OUTREACH SERVICES FOR TEEN LIBRARY STAFF: WHAT SOME STAFF ARE DOING OUTSIDE THE WALLS OF LIBRARIES

The American Library Association (ALA) defines outreach as providing library services and programs outside the walls of the library to underserved and underrepresented populations, populations like new and non-readers, LBGT teens, teens of color, poor and homeless teens, teens who are incarcerated.  As these populations are often marginalized and underserved it is crucial for libraries to recognize these populations and provide services and programs to them where they are.

The President of YALSA, Candice Mack, is focusing her year as President with an initiative, “3-2-1 Impact: Inclusive and Impactful Teen Services,” which will focus on building the capacity of libraries to plan, deliver and evaluate programs and services for and with underserved teen populations.  Visit YALSA’s wiki to find and share information about serving diverse teens and building cultural competence.

Each month I will profile a teen librarian providing outreach services and programs outside the walls of the library to underserved and underrepresented teens.  The purpose is for us to learn, connect, network and share with each other the crucial work we are doing in this area.

Rekha Kuver,Teen and Children’s Services for the Central Library Seattle Public Library

J:  What kind of outreach services do you provide for teens?

Rekha Kuver-I manage Teen and Children’s Services for the Central Library location of the Seattle Public Library, located in downtown.  One part of what I do is work with two full time Teen Librarians in the Teen Center.  I began in this position in 2011 and at the time I observed how the teen space was being used. Although we were seeing teens in the space, it wasn’t being used heavily, especially throughout all open hours.  I did some data gathering and analysis to get a snapshot of the Teen Center, including the number of teens using the space, what times of day were busiest, and what activities in the space were most in demand.  At the same time, since we are located in the heart of downtown Seattle, I knew that we were close to numerous organizations that work directly with youth, many of whom work with underrepresented youth communities. I wanted teen staff to have more time to find out the answers to questions like: what work are those organizations doing with teens, what needs are they identifying via their relationships to those teens, and how can the Library assist and partner to meet those needs? With the data that we gathered about what was happening (and not happening) inside the building and our growing knowledge of communities in our neighborhood, I gained approval from my manager for the Teen Center reference desk to be staffed only during the hours when teens were using the space most, which for us was between 2:00 and 6:00, 7 days a week. The remaining hours of the work day (morning and evening) would be dedicated to outreach in the downtown neighborhood, collaborating with youth-serving organizations to provide library services to teens wherever they are. Although it seems counter-intuitive, we did not start out this work with clear goals and outcomes that assumed we knew what teens needed. Rather, I encouraged teen staff to spend several months meeting with organizations, making contacts, building relationships, and gathering data (demographic and otherwise). We didn’t put pressure on ourselves to produce a lot of programs and services for these audiences at first. Rather, we asked a lot of questions, made ourselves as available as possible, and listened.  After some months of this, priorities emerged organically from what we were hearing across our community. For most youth-serving agencies that are embedded in traditionally underrepresented teen communities in our area, we found that they talked about three things: supporting teens in their identities; college and career readiness support; and life skills support. Upon learning this, we adopted these as our current departmental priorities as well.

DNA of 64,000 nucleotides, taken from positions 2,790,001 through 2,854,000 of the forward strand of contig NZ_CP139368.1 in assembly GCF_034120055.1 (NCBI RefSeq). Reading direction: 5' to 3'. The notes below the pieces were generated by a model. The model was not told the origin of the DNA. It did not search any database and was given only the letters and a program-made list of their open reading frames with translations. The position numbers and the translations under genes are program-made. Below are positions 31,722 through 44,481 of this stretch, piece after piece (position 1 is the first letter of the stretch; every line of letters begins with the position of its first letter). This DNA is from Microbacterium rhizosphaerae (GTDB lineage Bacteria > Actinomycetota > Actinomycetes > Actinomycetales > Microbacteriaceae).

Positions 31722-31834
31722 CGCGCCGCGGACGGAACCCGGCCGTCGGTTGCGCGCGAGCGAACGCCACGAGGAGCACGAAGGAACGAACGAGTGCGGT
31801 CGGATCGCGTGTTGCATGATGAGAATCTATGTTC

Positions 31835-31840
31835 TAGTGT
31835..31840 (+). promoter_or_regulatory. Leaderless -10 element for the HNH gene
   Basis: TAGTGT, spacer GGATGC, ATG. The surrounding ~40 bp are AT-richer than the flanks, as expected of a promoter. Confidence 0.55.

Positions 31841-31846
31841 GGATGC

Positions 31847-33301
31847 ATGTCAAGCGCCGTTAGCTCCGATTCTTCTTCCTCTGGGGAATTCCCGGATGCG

J:  Describe a day in the life of you providing outreach